The undergraduate is working at home, making improvements to the use-ability of our Perl model of USS evolution, while I'm here doing some test runs with the slightly unwieldy version we have now.
This is the version that incorporates the first major improvement. Instead of a single "best-score" fragment recombining with the genome in each cycle, each of the scored fragments can recombine with the genome, with a probability proportional to its score. In principle this should allow the recombination to introduce new USS-like sequences faster than they are lost from the genome by mutation. But in practice the USS-score of the genome drifts up and down but doesn't consistently increase.
"When in doubt, run more controls."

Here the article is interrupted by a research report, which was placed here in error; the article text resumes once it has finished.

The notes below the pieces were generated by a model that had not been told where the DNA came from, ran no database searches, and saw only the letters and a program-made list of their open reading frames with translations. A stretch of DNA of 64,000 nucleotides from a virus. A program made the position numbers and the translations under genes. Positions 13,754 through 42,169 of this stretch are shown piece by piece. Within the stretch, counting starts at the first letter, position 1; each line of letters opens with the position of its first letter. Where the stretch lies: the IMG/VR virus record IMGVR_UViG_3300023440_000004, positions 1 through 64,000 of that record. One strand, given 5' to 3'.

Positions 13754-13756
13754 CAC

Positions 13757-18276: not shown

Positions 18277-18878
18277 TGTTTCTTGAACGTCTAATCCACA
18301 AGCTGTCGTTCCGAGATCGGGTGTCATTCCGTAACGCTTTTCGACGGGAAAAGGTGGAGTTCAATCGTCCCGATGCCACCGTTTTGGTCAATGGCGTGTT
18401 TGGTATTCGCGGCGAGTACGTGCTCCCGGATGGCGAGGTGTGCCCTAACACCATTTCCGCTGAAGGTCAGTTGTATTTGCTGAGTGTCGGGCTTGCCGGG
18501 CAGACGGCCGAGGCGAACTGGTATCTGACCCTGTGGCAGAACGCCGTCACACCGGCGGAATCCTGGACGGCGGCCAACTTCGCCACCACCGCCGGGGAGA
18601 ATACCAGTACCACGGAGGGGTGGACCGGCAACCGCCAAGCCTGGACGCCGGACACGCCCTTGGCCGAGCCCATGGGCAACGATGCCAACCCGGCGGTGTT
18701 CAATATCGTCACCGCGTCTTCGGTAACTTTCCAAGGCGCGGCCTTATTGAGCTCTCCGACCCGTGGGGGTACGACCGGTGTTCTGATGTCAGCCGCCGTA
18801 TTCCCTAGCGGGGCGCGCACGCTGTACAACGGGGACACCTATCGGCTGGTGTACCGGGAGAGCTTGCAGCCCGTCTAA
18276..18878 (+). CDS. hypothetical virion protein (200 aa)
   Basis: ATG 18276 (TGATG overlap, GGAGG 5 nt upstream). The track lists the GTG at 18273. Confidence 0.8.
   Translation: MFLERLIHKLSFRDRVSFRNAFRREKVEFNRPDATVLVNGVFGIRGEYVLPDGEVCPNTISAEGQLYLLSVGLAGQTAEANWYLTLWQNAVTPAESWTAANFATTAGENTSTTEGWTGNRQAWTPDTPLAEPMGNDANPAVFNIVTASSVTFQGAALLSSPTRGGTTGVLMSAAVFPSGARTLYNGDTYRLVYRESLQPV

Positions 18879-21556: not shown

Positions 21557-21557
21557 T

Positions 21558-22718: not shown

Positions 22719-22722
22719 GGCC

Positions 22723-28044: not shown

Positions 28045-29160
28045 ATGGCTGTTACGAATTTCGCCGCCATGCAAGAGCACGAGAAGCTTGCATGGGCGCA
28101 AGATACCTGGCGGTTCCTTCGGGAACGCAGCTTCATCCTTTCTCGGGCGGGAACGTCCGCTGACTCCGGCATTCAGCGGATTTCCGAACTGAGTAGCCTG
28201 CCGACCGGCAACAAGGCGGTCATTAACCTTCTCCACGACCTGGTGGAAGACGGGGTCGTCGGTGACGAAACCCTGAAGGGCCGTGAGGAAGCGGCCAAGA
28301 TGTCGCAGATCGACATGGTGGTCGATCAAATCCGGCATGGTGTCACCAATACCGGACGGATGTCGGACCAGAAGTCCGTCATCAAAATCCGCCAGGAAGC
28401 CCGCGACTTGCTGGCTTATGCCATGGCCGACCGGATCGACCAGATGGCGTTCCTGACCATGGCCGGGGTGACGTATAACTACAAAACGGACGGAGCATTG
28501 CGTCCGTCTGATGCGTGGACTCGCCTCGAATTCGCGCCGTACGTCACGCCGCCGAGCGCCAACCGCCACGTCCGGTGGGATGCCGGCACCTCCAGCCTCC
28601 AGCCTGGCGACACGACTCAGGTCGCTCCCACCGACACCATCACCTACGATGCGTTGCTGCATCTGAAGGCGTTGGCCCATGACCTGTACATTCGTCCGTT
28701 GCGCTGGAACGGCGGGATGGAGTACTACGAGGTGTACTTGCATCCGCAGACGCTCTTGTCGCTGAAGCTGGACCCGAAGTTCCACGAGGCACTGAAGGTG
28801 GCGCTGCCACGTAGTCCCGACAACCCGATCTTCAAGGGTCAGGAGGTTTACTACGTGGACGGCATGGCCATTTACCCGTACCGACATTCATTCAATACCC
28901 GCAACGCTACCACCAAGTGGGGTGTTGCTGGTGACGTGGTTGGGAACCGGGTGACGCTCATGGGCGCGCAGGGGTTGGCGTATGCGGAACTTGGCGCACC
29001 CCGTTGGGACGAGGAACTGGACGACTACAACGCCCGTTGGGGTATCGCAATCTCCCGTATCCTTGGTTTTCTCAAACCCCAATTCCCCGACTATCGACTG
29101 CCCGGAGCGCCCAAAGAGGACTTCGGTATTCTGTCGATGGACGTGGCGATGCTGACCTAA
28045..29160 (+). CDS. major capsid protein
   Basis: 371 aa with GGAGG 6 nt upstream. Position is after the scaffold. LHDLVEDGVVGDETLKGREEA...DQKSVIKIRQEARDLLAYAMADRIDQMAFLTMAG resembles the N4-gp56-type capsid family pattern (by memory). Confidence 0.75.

So I've made a modified version of this program that has the same feature as our PositiveControl.pl program (it's name is PositiveControlv2.pl). Instead of mutating random fragments and recombining them back into the genome, it replaces their sequences with perfect USS cores. Of course the fragments need to be the same length as the core.
OK, this positive control tells me that the program is doing what it should. 10 fragments are recombining into the genome each cycle, which is what should happen to the 10 fragments the program considers each generation. Now I'll test PositiveControlv3, which puts in an imperfect USS instead of a perfect one. If the program is doing what I want, on average 8 of the 10 fragments will recombine each generation, and the genome score will not get as high as with perfect USSs.
OK, that worked too. So I think the problem may not be with the implementation of the code, but with the design of this version of the model. Back to the drawing board... (literally, back to the big whiteboard in the hall outside my office).
Don't do this: 150 medical practices that all fail, especially acupuncture
16 hours ago in Genomics, Medicine, and Pseudoscience